A miracle was then performed as a divine witness to the truth of the Catholic faith, and for the salvation of the would-be executioner:

St Alban… drew near to the stream, and on lifting up his eyes to heaven, the channel was immediately dried up, and he perceived that the water had departed and made way for him to pass. Among the rest, the executioner, who was to have put him to death, observed this, and moved by Divine inspiration hastened to meet him at the place of execution, and casting down the sword which he had carried ready drawn, fell at his feet, praying that he might rather suffer with the martyr, whom he was ordered to execute or, if possible, instead of him. 

While he thus from a persecutor was become a companion in the faith, and the other executioners hesitated to take up the sword which was lying on the ground, the reverend confessor, accompanied by the multitude, ascended a hill, about 500 paces from the place, adorned, or, rather clothed with all kinds of flowers, having its sides neither perpendicular, nor even craggy, but sloping down into a most beautiful plain, worthy from its lovely appearance to be the scene of a martyr’s sufferings. On the top of this hill, St. Alban prayed that God would give him water, and immediately a living spring broke out before his feet, the course being confined, so that all men perceived that the river also had been dried up in consequence of the martyr’s presence. Nor was it likely that the martyr, who had left no water remaining in the river, should want some on the top of the hill, unless he thought it suitable to the occasion. The river having performed the holy service, returned to its natural course, leaving a testimony of its obedience. Here, therefore, the head of most courageous martyr was struck off, and here he received the crown of life, which God has promised to those who love Him. But he who gave the wicked stroke, was not permitted to rejoice over the deceased; for his eyes dropped upon the ground together with the blessed martyr’s head.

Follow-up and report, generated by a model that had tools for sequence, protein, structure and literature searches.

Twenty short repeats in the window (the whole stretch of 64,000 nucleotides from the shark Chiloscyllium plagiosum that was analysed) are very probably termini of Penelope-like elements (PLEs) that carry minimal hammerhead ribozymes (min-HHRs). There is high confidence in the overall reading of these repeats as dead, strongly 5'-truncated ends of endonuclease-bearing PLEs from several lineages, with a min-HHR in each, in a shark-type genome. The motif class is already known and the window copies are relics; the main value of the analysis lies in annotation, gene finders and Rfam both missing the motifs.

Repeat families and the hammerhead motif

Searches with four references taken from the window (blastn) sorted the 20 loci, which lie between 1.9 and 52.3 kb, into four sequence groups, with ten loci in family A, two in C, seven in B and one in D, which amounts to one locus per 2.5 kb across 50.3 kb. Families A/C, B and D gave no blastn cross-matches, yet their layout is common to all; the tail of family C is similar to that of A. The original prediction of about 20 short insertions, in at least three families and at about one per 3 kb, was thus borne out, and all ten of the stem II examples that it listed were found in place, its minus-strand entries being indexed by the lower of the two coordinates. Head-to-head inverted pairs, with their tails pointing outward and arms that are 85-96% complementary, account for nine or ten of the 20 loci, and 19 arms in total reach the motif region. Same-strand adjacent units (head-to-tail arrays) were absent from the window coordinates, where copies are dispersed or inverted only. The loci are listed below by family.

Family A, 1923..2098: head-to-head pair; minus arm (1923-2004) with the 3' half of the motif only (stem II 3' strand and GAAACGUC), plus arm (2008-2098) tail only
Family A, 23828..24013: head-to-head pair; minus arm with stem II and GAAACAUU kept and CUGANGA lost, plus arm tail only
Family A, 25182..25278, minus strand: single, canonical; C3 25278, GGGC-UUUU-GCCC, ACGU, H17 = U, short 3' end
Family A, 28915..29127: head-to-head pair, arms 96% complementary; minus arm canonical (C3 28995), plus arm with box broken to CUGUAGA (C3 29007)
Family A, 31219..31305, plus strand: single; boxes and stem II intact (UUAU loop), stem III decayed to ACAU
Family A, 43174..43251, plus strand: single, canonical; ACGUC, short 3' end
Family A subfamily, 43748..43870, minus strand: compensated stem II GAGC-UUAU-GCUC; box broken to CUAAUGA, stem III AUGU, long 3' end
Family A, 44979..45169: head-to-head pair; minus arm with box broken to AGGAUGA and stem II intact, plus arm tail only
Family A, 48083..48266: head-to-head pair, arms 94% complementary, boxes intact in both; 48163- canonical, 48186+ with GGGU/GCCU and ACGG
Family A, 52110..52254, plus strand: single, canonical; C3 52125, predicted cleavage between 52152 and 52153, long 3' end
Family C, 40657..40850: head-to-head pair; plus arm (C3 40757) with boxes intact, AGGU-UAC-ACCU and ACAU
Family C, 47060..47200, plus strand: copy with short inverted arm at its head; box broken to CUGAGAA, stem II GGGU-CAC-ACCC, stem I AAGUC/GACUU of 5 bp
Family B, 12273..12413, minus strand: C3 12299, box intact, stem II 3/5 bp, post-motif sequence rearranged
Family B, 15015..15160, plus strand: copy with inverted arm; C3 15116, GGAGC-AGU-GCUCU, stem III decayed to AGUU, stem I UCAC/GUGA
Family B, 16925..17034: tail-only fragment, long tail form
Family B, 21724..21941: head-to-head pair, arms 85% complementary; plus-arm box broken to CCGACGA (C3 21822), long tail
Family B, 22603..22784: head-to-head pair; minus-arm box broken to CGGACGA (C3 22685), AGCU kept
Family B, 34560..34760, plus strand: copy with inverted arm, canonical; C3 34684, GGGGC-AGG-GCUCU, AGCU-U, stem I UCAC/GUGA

Not only holy Alban met his death that day, but also his would-be executioner who, unable to receive baptism by water, was justified and saved by baptism in his own blood:

At the same time was also beheaded the soldier, who before, through the Divine admonition, refused to give the stroke to the holy confessor. Of whom it is apparent, that though he was not regenerated by baptism, yet he was cleansed by the washing of his own blood, and rendered worthy to enter the kingdom of heaven. Then the judge, astonished at the novelty of so many heavenly miracles, ordered the persecution to cease immediately, beginning to honour the death of the saints, by which he before thought they might have been diverted from the Christian faith. The blessed Alban suffered death on the twenty ­second day of June, near the city of Verulam, which is now by the English nation called Verlamacestir, or Varlingacestir, where afterwards, when peaceable Christian times were restored, a church of wonderful workmanship, and suitable to his martyrdom, was erected. In which place, there ceases not to this day the cure of sick persons, and the frequent working of wonders.

The blood of St Alban sanctified the land of Britain, and though Roman Britain would fall, the Church in Britain would be reborn. It is this story that we will begin to tell in the next part of this series. 

For more, see: The Venerable Bede – Ecclesiastical History of the English People (UK link: here)

English History

The Lives of the Early English Saints
Prelude, with the Life of St Alban, Proto-Martyr of Britain

The Whig Interpretation of History – Its Lasting Influence
Suffering Under Persecution – the Example of Robert Southwell and the English Martyrs
The heroic and moving life of L’Abbé Henry Essex Edgeworth, Louis XVI’s Anglo-Irish confessor
A Forgotten Triumph – Hadrian’s Wall, St Oswald and the Battle of Heavenfield